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Educational Research for Social Change

versão On-line ISSN 2221-4070

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MOFUOA, Khali  e  KHAU, Mathabo. Rethinking Constructions of Difference: Lessons from Lesotho's Chief Mohlomi's Activism against the Gendering of Witchcraft. Educ. res. soc. change [online]. 2022, vol.11, n.1, pp.72-87. ISSN 2221-4070.  http://dx.doi.org/10.17159/2221-4070/2021/v11i1a6.

Discrimination according to gender has been in practice in communities globally since time immemorial. This discrimination has infiltrated all spheres of life including the naming, shaming, blaming, and persecution of deviant people as witches. The phenomenon of witchcraft has historically been negatively skewed towards women, with women's gender and sexual diversity being used against them in accusations of witchcraft. In some modern-day African communities, gender and sexual diversity are still regarded as witchcraft or a result of bewitching. While activism against witchcraft has gathered momentum across Africa, it is worth noting that in Lesotho, such activism began in the precolonial era through the leadership of Chief Mohlomi. In this paper, we explore the understandings and experiences of constructions of difference as witchcraft among the Basotho of Lesotho. Using a qualitative research approach, we employed life-history narratives and focus group discussions to generate data with 10 Basotho men and women aged 70-93 years. We used sankofa theory to frame our analysis of the data, which was done thematically. Drawing on the ethnographic data, we discuss lessons regarding constructions of difference as witchcraft, and Chief Mohlomi's (1720-1815) activism against the discrimination of those labelled as witches. The findings reveal that divergent gender and sexual characteristics and identities were used in labelling certain individuals as witches and unexplainable phenomena as witchcraft. However, the findings also show that Chief Mohlomi set in motion a spirited activism against the persecution of divergent people through his teachings, which led to transformed views on gender and sexual diversity among the Basotho. These findings have implications for an education that embraces diversity in all spheres of life to promote inclusive and sustainable communities.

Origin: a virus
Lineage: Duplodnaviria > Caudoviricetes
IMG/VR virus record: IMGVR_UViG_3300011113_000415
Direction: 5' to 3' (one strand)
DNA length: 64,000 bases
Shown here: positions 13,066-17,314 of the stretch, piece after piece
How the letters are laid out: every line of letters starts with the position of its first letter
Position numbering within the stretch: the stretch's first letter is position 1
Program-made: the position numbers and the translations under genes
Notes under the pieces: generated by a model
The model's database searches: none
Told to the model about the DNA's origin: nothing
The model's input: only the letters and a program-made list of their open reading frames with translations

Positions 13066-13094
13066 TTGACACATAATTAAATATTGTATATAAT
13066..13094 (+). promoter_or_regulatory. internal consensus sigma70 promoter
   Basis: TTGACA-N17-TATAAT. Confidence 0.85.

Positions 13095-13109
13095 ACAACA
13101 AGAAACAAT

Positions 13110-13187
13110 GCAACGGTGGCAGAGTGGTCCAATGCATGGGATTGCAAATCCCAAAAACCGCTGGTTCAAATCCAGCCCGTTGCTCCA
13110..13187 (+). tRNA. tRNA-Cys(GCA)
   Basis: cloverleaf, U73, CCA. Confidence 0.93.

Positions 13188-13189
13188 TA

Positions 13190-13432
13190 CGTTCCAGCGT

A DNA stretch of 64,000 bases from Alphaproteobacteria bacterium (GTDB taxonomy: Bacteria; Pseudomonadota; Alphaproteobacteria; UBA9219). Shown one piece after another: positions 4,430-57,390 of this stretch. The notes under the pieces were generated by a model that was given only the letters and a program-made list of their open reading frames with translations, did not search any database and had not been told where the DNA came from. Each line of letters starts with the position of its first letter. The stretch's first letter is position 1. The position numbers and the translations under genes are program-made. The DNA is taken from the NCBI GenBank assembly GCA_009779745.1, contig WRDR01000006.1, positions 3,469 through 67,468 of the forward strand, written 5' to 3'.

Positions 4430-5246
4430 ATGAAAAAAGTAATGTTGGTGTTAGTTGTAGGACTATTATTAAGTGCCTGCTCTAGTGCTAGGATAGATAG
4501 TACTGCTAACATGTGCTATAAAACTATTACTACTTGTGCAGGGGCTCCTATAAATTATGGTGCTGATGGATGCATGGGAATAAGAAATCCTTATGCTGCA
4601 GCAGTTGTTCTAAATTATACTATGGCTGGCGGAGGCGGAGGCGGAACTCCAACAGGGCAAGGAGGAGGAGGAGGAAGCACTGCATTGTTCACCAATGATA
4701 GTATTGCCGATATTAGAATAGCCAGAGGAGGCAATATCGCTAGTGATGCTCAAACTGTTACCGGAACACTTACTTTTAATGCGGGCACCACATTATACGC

Palavras-chave : diversity; education; gender; inclusion; sexuality; witchcraft.

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